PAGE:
Sunday, June 13, 2010
Law Street - Economic Times (June 2010) -Towards a greener world
We celebrated environment week, this month. But, are we ready to turn towards the more expensive green products? Appears not! It is time the government subsidized the purchas of these products through tax credits, as have several other countries. Looking forward to a greener world. Read this column online in The Economic Times, by clicking here.
As always, the column is also cut and pasted below.
Have a nice weekend.
Towards a greener cleaner world
• Tax sops must be at the consumer level
• Tax carrots rather than sticks will work
• Monetary sops will be an added advantage
We celebrated Environment Week this month. Various organizations as part of their Corporate Social Responsibility (CSR) initiatives got their act together, conducted workshops to sensitize their employees, planted trees, et al. A few friends participated in “cycle to work” initiatives which were understandably short lived.
Short spurts of efforts, while they do contribute in a way, are not adequate to save the planet. We need long term efforts which provide lasting results and it is here that the government can really help. Zenobia Aunty has been reading a lot about green investments. She says: “A recent international survey undertaken by Regus states that: Governments worldwide must introduce new tax breaks to increase the uptake of green investment.”
Eco-friendly measures seem attractive on paper, but they do entail a higher cost, at least initially. No wonder then that 46% of companies surveyed have declared that they will only invest in low-carbon equipment if the running costs are the same or lower than those of conventional equipment. A mere 40% have invested in low-carbon equipment and only 38% have a company policy to do so.
Governments world over have down the years, devised various forms of green taxes to save the environment. Such taxes have been as varied as a ‘plastic tax’ on use of plastic bags in Ireland, to a ‘flight tax’ in the UK which airlines had to cough up if they did not fly at full capacity.
While Zenobia Aunty was in Bangalore (Bengaluru) there were talks of permitting cars with odd numbered license plates to drive on one day and those with even numbers on another day. Would this have helped in reducing carbon emission? “Not really, with an inefficient public transport mechanism, families were really thinking of buying yet another car, as car pooling was not always an option,” explains Zenobia Aunty.
If spreading the tax net wide, pays dividends, so does spreading of tax sops. Perhaps, it would make better sense to provide sops for green investments at the consumer level. It would help spread the movement make the world greener.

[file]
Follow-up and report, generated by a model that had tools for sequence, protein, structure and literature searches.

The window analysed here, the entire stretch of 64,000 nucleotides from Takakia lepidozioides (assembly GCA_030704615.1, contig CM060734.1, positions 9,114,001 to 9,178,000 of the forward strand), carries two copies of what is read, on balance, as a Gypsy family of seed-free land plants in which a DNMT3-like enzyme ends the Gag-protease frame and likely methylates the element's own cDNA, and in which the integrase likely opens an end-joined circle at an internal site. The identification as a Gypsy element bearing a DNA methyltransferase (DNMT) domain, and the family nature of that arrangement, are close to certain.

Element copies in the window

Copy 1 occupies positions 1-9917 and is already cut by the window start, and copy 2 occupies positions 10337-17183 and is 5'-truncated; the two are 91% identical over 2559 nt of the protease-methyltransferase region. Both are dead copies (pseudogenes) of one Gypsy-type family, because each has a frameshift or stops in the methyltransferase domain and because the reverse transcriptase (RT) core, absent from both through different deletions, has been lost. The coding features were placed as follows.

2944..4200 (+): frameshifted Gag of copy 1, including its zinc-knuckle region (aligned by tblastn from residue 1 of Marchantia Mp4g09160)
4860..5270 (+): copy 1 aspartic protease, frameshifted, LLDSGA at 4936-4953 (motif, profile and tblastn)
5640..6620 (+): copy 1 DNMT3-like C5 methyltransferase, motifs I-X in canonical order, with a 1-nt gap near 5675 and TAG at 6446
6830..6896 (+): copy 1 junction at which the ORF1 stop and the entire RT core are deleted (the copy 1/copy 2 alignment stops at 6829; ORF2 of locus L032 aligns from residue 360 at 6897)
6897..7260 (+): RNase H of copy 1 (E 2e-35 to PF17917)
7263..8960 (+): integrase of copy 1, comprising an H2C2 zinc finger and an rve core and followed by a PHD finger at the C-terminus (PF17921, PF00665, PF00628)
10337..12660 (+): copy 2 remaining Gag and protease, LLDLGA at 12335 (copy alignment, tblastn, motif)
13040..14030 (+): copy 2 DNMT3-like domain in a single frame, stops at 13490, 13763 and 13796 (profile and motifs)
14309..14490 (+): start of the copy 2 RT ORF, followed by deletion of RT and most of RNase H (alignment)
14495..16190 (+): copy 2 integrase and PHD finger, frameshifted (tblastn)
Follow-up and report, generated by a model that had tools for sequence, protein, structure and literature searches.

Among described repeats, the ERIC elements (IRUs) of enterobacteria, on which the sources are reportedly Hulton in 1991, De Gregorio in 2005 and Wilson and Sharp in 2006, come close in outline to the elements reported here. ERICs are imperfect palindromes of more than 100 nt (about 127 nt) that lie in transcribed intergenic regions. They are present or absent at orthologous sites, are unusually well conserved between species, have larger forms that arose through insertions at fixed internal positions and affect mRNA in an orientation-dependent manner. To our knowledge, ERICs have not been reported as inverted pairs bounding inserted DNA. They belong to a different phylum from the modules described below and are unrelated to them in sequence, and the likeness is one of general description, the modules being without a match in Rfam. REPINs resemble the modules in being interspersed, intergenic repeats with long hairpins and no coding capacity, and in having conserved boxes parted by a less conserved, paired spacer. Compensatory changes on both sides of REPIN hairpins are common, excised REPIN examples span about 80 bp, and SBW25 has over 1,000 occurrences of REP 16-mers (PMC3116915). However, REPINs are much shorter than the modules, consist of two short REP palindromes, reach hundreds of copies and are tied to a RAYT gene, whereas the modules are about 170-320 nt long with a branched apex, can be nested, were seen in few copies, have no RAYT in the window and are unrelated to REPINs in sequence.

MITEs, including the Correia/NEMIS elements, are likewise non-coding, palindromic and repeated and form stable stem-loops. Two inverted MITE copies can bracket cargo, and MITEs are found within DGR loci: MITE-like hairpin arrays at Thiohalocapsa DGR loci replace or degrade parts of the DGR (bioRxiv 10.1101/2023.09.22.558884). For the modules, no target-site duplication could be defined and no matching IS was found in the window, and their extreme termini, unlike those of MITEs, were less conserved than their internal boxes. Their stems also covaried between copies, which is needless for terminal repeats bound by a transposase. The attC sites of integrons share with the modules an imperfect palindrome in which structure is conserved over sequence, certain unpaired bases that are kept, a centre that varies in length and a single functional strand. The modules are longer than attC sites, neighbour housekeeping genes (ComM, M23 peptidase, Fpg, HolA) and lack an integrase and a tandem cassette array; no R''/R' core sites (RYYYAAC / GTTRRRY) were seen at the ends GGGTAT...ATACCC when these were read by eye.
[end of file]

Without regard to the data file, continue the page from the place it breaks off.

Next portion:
United States for instance, with its green tax sops covers the consumers. Tax credits as distinct from tax deductions are available for purchase of hybrid cars or battery, electrical or alternate fuel vehicles; heating and air conditioning systems that are ‘energy star rated’; renewable energy systems; solar and wind energy systems and even something as simple as insulation such as new doors, windows or roofing that meet set criteria and help save on electricity bills.
How is a tax credit different from a tax deduction? A tax credit is a ‘rupee-for-rupee’ reduction in your total tax bill. For instance, your tax bill works out to Rs. 2.50 lakh. Let us assume that a tax provision states that for each solar panel that you install in your house you get a deduction of 20% of the purchase price subject to a cap of Rs. 50,000 per solar panel. Assuming you purchase three solar panels and can claim Rs. 1.5 lakh through such purchase. Your tax bill will then be just Rs. One lakh.
On the other hand, a tax deduction is expenditure or a prescribed amount (such as depreciation) which is allowed as a deduction from your total income to arrive at the net taxable income, which is then subject to tax at the applicable rate. While both reduce your tax bill, in pure monetary terms a tax credit is more beneficial.
It is the consumer who can propel a demand for environmental friendly products. With prices for such products being higher, tax sops alone can provide the much needed spending boost in the right direction.
In India we have seen a few sporadic attempts such as wind farms being eligible for 100 per cent depreciation or higher depreciation rates for pollution control equipment. However, till date attempts have not been made to start at the consumer level.
Imagine the potential that we have to use solar energy, especially in the rural areas of India, which are prone to power cuts, or for that matter, even small scale industries in urban areas. To boost demand for use of solar energy, start at the consumer level, enabling him to get a tax credit. This would mean that the manufacturer of solar panels does not have to face hardships to convert people towards a more friendly power source and can make fair profits. After all, even a green manufacturer needs to survive. Moreover, provision of softer loans for purchase of green products by households, farmers, small scale enterprises and certain other segments would be an added advantage.
It is true that the government is considering abolition of tax holidays, however, tax credits to the individual for purchase of green products, is something which needs to be seriously contemplated. Drat, the power just went off, now where is that candle?
Source of the photograph.
Posted by Lubna at 12:36 PM